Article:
Tuesday, the Virginia Senate passed SB701: Cannabidiol (CBD) oil and THC-A oil; permitting of pharmaceutical processors to manufacture and provide. Now, we need your help to get this passed in the House of Delegates.
State Representative Allen Peake has introduced a bill (HB 722) that would greatly improve the current medical cannabis law in Georgia by allowing for in state cultivation and dispensing, adding more qualifying conditions, and allowing access to full range of THC and CBD profiles. Unfortunately, there may be efforts by some state lawmakers to prevent these necessary improvements from happening. We urge you to email and call your state representative to support HB 722 without imposing additional burdens on patients.
California Senator Mike McGuire (D-Healdsburg) has introduced SB 987, a bill that will assess an additional 15% excise tax on medical cannabis in the state. The new tax will be in addition to the ordinary state sales tax and any local tax patients already pay for their doctor-recommend medicine. SB 987 imposes an unnecessary and unfair burden on medical cannabis patients.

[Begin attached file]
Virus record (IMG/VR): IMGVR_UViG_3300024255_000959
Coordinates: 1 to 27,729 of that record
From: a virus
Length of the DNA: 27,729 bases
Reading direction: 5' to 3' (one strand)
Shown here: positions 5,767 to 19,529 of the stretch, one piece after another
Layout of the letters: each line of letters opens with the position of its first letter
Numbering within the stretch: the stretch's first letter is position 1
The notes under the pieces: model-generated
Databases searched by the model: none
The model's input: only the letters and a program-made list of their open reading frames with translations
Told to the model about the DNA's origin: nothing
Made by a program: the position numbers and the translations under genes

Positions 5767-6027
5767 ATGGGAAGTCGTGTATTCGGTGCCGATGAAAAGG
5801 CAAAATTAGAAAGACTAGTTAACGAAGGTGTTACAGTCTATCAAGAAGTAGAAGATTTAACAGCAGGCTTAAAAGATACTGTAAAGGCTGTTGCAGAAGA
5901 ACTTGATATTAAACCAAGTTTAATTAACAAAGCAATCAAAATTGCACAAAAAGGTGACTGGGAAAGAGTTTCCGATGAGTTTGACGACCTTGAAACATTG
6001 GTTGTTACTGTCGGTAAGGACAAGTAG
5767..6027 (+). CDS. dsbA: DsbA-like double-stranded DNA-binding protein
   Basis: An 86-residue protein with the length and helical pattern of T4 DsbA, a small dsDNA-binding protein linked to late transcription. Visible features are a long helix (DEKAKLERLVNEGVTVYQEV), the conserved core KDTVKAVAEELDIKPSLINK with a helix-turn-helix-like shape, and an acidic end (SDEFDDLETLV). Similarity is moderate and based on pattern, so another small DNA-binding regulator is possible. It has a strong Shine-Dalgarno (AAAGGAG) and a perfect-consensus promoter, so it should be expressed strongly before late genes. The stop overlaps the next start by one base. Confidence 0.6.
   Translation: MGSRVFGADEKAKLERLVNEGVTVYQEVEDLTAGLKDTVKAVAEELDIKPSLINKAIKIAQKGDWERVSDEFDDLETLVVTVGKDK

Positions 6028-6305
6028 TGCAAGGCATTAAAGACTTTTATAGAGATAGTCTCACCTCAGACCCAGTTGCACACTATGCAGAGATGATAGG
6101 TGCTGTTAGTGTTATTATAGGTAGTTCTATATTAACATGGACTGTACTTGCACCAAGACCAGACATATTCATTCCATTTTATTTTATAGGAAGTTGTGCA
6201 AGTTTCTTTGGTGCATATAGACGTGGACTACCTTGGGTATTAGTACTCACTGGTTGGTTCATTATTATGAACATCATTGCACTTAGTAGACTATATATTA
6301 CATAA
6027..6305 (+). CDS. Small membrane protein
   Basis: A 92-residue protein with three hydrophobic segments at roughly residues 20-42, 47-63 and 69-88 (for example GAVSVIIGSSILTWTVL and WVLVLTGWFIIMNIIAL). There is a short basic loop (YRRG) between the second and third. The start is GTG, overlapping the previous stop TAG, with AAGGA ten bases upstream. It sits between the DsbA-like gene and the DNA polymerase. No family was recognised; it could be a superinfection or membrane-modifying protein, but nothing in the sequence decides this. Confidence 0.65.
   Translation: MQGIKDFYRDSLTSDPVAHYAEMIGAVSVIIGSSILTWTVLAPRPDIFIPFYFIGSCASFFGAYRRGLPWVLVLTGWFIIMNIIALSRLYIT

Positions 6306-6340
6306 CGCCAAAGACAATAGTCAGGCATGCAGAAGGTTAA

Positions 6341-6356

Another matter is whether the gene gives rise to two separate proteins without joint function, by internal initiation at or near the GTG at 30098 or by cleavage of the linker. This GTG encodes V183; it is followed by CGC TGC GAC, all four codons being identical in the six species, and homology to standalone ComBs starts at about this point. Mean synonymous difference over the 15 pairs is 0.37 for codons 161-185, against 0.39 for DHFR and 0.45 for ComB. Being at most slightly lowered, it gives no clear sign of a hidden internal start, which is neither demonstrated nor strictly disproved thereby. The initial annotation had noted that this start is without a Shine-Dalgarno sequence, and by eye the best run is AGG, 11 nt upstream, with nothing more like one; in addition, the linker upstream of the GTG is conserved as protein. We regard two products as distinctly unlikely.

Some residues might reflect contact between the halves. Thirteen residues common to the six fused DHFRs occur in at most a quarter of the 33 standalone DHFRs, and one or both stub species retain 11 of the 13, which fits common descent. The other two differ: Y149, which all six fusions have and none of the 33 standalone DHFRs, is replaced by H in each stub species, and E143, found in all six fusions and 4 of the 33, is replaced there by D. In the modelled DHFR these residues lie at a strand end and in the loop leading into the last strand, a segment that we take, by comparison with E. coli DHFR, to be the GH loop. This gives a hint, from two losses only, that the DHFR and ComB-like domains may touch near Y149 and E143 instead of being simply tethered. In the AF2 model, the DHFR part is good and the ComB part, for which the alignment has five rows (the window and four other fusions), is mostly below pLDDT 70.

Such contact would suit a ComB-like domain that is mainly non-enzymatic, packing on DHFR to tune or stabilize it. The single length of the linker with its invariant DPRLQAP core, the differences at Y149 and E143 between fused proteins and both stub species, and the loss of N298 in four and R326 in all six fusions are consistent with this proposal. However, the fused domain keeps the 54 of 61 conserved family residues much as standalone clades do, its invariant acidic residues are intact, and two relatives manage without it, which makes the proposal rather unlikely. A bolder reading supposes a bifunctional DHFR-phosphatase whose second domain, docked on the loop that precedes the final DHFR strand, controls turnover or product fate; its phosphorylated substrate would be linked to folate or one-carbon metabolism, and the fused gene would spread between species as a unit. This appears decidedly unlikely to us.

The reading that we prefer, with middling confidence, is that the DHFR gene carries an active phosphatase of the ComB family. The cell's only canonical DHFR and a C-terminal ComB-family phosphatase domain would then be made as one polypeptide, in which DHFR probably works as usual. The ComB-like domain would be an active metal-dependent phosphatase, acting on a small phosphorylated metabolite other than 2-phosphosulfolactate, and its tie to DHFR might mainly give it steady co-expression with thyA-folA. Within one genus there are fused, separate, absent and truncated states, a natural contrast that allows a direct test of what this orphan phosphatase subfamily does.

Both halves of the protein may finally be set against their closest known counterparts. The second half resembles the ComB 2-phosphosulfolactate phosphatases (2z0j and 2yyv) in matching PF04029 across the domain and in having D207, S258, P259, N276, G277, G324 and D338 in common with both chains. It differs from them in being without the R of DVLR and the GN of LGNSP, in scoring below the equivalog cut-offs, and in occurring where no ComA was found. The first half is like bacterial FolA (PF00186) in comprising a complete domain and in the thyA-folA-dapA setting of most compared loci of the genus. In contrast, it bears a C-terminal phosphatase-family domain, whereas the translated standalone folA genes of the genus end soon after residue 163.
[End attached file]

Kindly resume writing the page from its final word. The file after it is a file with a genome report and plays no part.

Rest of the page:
SB 987 is harmful for patients. Medical cannabis is already subject to ordinary sales and use tax of between 7.5 and 10%, depending on the jurisdiction. Additionally, some cities and counties already impose an additional local tax of up to 15% on medical cannabis.
Adding an additional 15% to the cost of medical cannabis, which is not covered by insurance, will be an economic hardship for legal patients – especially those who are already economically vulnerable.
As preparations begin for the United Nations General Assembly Special Session on drug policy (UNGASS 2016) we at Americans For Safe Access and the International Medical Cannabis Patients Coalition are calling on medical cannabis patients around the world to contact their UN Ambassador and encourage them to reconsider international drug policy and the outdated 1961 Single Convention on Narcotic Drugs. The UN must take action to address the clear disparity between their policy and the medical, scientific and legal realities. We've developed an example letter for folks to work from and made it simple to contact our UN Ambassodor via email. So please lend your name to support access for medical cannabis patients not only in the US but across the world.